Even though the United States has enjoyed an economic recovery in recent years, it’s still licking its wounds after the recession of the late 2000’s. Some economists predict that job levels and employment won’t correct to a normal rate until almost 2020. But given the nature of corrections and given the fact that some cities bounce back quicker than others, things might not always be the way they seem.
Let’s talk statistics
Before delving into something so heavily disputed, let’s crunch some numbers. The recession that the American economy experienced was caused by a multitude of issues, which (sadly) tend to vary in importance based upon your party affiliation. Nonetheless, from January of 2007 to around June of 2010, approximately ten million people lost work. Factories closed, layoffs were very prevalent and many families and individuals experienced extreme hardships.
Obviously, some cities were hit much harder than others, but at the heart of these hard-hit cities were specialized industries, like in Hickory, North Carolina, saw many of its furniture-producing jobs sent overseas.
Some of the more common cities are places like Flint, Michigan and Canton, Ohio, which used to be hubs of the steel and car industries, respectively. Cities like these were destroyed during the peak of the recession with many of the jobs and manufacturing sent abroad.
America is recovering, but not how you might think
We’ve seen growth throughout the nation since we hit the recession, but it’s important to know why and how we’re seeing that growth instead of just relying on conventional wisdom.
If you asked an average Joe at your college campus why we’re seeing growth, he might say, “Capitalism, dude.” If you asked your sweet grandmother why we’re growing, she might say, “America is recovering like she always does.”
But what if corrections in the job market aren’t as simple as, “America is doing better”? What if the reality behind national employment growth isn’t that the nation is collectively doing better, but that certain parts are doing much better than the status quo?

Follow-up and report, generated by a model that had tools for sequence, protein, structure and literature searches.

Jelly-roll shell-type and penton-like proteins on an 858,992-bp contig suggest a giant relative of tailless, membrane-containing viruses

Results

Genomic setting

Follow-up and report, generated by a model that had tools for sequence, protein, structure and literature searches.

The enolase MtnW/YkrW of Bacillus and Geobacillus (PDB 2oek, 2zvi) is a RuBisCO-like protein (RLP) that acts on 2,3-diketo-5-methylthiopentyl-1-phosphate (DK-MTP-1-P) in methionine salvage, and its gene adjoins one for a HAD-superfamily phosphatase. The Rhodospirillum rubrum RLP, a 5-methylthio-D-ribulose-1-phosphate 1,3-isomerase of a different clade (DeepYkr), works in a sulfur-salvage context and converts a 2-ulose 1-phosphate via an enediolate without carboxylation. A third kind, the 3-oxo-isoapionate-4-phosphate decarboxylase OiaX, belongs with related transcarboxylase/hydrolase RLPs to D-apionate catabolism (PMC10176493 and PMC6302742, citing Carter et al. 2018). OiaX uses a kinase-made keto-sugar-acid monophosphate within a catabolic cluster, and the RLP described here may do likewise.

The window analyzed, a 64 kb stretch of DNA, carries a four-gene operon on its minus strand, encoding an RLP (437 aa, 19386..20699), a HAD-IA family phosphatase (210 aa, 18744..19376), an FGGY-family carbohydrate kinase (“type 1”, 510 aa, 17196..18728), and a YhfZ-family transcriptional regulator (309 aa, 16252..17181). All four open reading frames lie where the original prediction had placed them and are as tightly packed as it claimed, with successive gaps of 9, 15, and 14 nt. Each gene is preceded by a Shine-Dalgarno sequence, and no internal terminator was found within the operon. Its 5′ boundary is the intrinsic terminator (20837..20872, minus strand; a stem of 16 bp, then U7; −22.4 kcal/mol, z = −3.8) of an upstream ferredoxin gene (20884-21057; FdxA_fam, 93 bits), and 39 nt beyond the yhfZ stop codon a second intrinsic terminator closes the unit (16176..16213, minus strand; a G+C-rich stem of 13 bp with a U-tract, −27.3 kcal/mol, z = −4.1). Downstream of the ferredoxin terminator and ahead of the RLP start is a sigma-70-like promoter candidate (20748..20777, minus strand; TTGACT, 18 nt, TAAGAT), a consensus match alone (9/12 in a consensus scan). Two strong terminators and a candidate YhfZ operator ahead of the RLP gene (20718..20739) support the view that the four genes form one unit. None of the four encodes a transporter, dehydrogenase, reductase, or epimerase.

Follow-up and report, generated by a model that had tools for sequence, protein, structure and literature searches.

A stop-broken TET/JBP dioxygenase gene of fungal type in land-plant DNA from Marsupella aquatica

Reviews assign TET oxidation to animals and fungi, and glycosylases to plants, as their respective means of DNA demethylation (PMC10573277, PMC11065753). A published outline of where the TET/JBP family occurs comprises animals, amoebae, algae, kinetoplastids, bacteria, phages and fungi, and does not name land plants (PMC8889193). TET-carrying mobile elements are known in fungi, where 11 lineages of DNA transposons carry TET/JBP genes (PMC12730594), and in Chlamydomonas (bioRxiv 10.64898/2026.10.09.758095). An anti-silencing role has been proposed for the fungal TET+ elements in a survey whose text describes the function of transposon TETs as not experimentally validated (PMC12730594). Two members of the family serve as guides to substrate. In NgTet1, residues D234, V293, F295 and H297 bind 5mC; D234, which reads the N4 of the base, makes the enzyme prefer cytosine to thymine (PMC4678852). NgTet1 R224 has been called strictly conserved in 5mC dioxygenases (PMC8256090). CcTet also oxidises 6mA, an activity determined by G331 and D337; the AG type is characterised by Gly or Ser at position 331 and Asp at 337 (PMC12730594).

Take Detroit for example. Detroit isn’t recovering much at all. What used to be a manufacturing powerhouse is now a particularly depressed part of Michigan with a disturbingly high crime rate. Detroit is one of many cities that was hit hard and still has yet to make its way back to competing in the market. This is the result of regionalized recovery.
America’s recovery: Great for some, myth for others
Regionalized recovery is influenced by national growth with respect to the job market. If your mom and dad both worked in Hickory, were laid off, and then found jobs in Houston (a city that did relatively well during the recession), the growth in Houston would rise but Hickory is two workers worse off; this is happening all over the place.
People are finding jobs in the cities that weathered the recession fairly well and, because of this, these cities are improving at a faster rate and are attracting workers nationwide, while the economies of the hard-hit cities stagnate.
National growth is real, yes. But it’s important to remember that dozens of cities that were hit hardest are losing workers to other cities who weren’t hit as hard, which contributes to the growth itself.
So what does that mean for hard-hit cities?
This could mean many things for hard-hit cities, including a “lost decade” according to many economists. IHS Global Insight predicts that up to thirty seven metropolitan areas won’t correct to a normal level until 2021.
And that’s depressing, damn it! Dozens of cities are being overlooked by the conventional wisdom that states that as long as there is national growth, it’s across the board. The opposite is true; areas that were hit hard by the recession have seen a continuous rate of low employment.
The recession hit many very hard and hit some even harder, depending upon where they are located. Much national growth and correction with respect to the job market has resulted in workers moving domestically to find different work in areas that survived the recession.
So, when you hear that the nation as a whole is on the rise, you might think twice about the difference between the phrases “as a whole” and “on average.” Just because the group is improving as a whole doesn’t mean that everyone within the group is keeping up.